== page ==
How Snail Shells Taught Scientists That a Famous Land Art Formation Was Thousands of Years Younger Than Believed
The work is more likely to be only several hundred years old.
A massive figure in Dorset, England, of a naked man wielding a club, known as the Cerne Abbas Giant, is not prehistoric, as was previously believed, according to tests of snail shells found on the site.
Instead, the 180-foot-tall work likely dates to medieval era.
The testing was conducted by the National Trust, which has owned the historic site since it was donated to the UK in 1920.
Martin Papworth, a National Trust senior archaeologist, conducted excavations on the site in March and obtained core samples from the giant’s elbows and feet.
Initial examinations uncovered evidence of two microscopic snail species not known to exist in the UK before the 13th and 14th centuries. One of the snails found is the Cernuella virgata, or vineyard snail.
“They arrived here accidentally, probably in straw and hay used as packing for goods from the continent,” environmental archaeologist Mike Allen told the BBC. “Sadly, this shows the giant is unlikely to be prehistoric or Roman, and more likely dates to medieval times or later.”
Historians have speculated that the man represents a Celtic god; the Anglo-Saxon deity Helis; or the Greek and Roman demigod Hercules. Another theory suggests that the work was created around the time of the English Civil War (1642–51) to mock Oliver Cromwell. The earliest recorded mention of the figure comes from 1694.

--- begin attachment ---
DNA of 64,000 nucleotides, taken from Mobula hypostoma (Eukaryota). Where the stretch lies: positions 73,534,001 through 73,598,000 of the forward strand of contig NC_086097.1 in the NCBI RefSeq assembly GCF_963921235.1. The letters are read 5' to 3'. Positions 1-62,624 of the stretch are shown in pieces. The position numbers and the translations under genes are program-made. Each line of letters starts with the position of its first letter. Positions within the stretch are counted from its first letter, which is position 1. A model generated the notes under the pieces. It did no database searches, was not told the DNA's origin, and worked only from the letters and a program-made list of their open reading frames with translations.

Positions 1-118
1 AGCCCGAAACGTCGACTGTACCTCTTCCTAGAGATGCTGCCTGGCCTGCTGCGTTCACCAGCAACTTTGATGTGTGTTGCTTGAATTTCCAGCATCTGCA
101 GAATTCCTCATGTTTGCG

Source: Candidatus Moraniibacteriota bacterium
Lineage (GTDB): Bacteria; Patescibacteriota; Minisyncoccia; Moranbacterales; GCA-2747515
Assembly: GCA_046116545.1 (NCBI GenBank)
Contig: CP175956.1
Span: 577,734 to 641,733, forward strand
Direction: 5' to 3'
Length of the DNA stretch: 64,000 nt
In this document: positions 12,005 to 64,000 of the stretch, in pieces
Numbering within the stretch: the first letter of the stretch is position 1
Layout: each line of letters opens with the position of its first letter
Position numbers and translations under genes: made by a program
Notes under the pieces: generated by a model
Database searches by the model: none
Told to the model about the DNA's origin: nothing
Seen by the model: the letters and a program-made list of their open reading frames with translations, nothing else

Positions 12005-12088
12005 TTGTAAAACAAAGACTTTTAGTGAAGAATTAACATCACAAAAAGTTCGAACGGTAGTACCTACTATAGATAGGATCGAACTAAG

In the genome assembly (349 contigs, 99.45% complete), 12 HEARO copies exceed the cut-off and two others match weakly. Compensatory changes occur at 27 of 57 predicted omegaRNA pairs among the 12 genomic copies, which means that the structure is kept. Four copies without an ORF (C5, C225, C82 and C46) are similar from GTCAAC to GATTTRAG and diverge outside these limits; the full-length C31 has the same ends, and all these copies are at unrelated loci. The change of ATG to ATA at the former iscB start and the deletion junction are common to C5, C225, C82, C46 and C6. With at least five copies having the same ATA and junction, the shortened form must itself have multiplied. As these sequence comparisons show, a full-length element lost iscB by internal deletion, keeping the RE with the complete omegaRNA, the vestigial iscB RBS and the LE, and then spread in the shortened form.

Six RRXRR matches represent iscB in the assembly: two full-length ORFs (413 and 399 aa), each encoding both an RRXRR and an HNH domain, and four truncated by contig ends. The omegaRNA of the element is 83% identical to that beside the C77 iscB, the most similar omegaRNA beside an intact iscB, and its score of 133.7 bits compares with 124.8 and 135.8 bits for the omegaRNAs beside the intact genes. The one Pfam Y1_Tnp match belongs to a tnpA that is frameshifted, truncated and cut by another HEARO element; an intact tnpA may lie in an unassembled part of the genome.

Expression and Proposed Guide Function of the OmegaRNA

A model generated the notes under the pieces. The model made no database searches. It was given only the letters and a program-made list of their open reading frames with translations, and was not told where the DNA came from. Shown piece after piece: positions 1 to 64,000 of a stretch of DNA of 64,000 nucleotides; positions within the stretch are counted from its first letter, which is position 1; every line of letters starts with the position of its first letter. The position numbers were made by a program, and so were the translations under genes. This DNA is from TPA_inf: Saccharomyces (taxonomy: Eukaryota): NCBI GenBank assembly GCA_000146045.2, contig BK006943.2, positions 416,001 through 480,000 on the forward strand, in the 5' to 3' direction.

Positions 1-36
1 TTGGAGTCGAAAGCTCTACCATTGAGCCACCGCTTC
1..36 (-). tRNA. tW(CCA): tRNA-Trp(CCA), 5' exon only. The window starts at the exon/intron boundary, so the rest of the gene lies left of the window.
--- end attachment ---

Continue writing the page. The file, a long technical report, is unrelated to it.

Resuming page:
Local lore holds that the 180-foot hill figure was linked to Pagan fertility rites.
The snail shell testing also indicates that the giant, which was dug in shallow trenches and filled with chalk rubble, at one time fell into disrepair and became overgrown.
Today, new chalk is added roughly every 25 years to maintain the artwork. (The artwork was also recently unofficially altered to give it a mask, updating the giant for the age of social distancing.)
The National Trust will conduct additional testing on the samples in the fall using optical stimulated luminescence dating, a technique used to date fossils and minerals in geological sediments. Plans to survey the site using a drone were abandoned due to lockdown, according to the Cerne Historical Society Magazine.
“It is likely that the tests will give us a date range, rather than a specific age, but we hope they will help us better understand, and care for, this famous landmark,” Papworth told the BBC in March.
In the 1990s, archaeologists used the same kind of test, which uses ionized radiation to determine when minerals were last exposed to sunlight, to determine that a similar work of chalk land art, the Uffington White Horse in Oxfordshire, England, was 3,000 years old, making it the nation’s oldest hill figure.
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